FTSE 100 Loses Tech Star as Just Eat Takeaway Gets the Boot
(Bloomberg) -- One of Britain’s biggest online platforms is getting ousted from the U.K.’s benchmark index in a blow to the country’s effort to nurture a stable of world-class technology companies.
Just Eat Takeaway.com NV will leave the FTSE 100 on Sept. 20, along with Weir Group Plc, index provider FTSE Russell said Wednesday in its quarterly review of changes to the benchmark. Meggitt Plc and Wm Morrison Supermarkets Plc will take their places.
FTSE Russell classified Just Eat Takeaway as British after the 2020 combination of Britain’s Just Eat and Dutch competitor Takeaway.com, making it eligible for the FTSE, because the company had said it would delist its stock from Euronext Amsterdam. Just Eat Takeaway backtracked on that earlier this year, prompting FTSE Russell to change the company’s assigned nationality to Dutch last month.
The ouster means the FTSE 100’s already-low technology weighting will shrink even further. Technology stocks account for only 1.8% of the index, versus about 30% for the S&P 500 Index in the U.S.
“It’s a shame for the FTSE 100 to have to let go of that because it did bring attention to the index,” John Moore, head of trading at Berkeley Capital Wealth Management, said by phone, referring to Just Eat. “It doesn’t have many tech companies on there.”
The index also is about to lose its second-biggest stock, mining behemoth BHP Group Plc, which is set to move to a primary listing in Australia.
The share-turnover rules for membership in the FTSE 100 Index -- London needs to account for the most share volume for the stock -- made it nearly impossible for Just Eat Takeaway to stay on the FTSE 100 without delisting from the Amsterdam bourse.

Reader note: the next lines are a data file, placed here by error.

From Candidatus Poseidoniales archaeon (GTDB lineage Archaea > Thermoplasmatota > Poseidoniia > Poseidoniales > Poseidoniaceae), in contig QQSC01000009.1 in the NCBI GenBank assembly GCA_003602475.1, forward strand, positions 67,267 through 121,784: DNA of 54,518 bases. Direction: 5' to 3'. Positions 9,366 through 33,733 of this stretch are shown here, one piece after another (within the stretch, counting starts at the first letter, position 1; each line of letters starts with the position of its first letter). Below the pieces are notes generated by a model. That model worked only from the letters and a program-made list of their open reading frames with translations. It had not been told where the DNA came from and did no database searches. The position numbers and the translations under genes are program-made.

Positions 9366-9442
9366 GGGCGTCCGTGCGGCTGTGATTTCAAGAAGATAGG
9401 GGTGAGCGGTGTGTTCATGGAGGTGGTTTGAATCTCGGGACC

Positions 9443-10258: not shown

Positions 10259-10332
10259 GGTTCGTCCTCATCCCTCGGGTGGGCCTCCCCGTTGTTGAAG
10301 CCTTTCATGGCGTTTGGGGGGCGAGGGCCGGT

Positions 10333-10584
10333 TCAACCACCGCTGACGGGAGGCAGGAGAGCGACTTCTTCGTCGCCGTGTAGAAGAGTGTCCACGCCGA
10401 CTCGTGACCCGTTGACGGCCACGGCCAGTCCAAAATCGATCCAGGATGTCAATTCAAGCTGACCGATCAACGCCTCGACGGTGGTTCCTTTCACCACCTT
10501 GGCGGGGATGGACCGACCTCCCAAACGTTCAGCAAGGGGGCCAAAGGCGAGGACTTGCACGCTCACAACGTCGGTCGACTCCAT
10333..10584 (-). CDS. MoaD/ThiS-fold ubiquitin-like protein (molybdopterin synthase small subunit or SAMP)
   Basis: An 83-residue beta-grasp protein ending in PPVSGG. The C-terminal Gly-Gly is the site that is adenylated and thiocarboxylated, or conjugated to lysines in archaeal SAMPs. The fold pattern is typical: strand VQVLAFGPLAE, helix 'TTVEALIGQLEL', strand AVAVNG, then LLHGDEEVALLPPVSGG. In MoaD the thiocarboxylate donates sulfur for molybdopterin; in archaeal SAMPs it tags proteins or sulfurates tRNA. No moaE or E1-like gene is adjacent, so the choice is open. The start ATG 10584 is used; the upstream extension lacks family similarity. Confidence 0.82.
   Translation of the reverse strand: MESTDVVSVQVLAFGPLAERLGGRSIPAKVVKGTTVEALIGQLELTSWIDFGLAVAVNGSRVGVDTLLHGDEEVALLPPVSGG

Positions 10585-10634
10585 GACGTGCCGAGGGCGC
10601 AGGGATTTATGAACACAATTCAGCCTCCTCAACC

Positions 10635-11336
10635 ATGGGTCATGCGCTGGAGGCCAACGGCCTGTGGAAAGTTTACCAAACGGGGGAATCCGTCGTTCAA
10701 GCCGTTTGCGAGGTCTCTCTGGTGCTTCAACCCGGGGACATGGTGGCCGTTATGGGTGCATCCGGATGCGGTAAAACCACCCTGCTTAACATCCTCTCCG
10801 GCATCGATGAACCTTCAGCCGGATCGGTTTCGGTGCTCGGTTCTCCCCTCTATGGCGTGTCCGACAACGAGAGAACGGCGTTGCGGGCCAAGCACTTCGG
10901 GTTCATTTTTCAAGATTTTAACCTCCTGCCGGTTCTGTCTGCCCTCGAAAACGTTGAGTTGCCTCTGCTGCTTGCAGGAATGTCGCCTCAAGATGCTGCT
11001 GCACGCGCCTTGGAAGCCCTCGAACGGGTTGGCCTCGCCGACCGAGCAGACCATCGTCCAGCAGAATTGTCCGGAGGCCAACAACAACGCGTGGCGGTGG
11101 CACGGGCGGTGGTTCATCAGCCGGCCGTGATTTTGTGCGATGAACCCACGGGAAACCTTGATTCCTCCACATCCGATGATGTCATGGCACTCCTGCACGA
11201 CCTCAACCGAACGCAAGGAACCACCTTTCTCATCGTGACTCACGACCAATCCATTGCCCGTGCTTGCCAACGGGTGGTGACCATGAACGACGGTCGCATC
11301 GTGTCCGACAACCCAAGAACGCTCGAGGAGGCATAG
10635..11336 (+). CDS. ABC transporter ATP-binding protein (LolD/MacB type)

Just Eat Takeaway changed its mind on making London its stock-market home because the company acquired Grubhub in the U.S. this year, expanding its investor base beyond Europe. The shares will trade on the London Stock Exchange, Euronext Amsterdam and Nasdaq while the company mulls which location would be best for its primary listing, and a further announcement will be made “in due course,” a spokesman said last week in response to emailed questions.
While the coronavirus pandemic boosted shares in so-called “lockdown winners” as house-bound consumers ordered more takeout, Just Eat Takeaway has lagged behind. Its Amsterdam-traded shares have slumped 11% in 2021, giving up nearly all of last year’s gains, on the threat of rising competition in its key German market and worries over delivery fee caps in New York.
Just Eat went public in London in 2014 and Takeaway.com listed in Amsterdam in 2016. Following the sale of Just Eat to the Dutch company, shares in the combined business traded on both Euronext Amsterdam and the LSE.
©2021 Bloomberg L.P.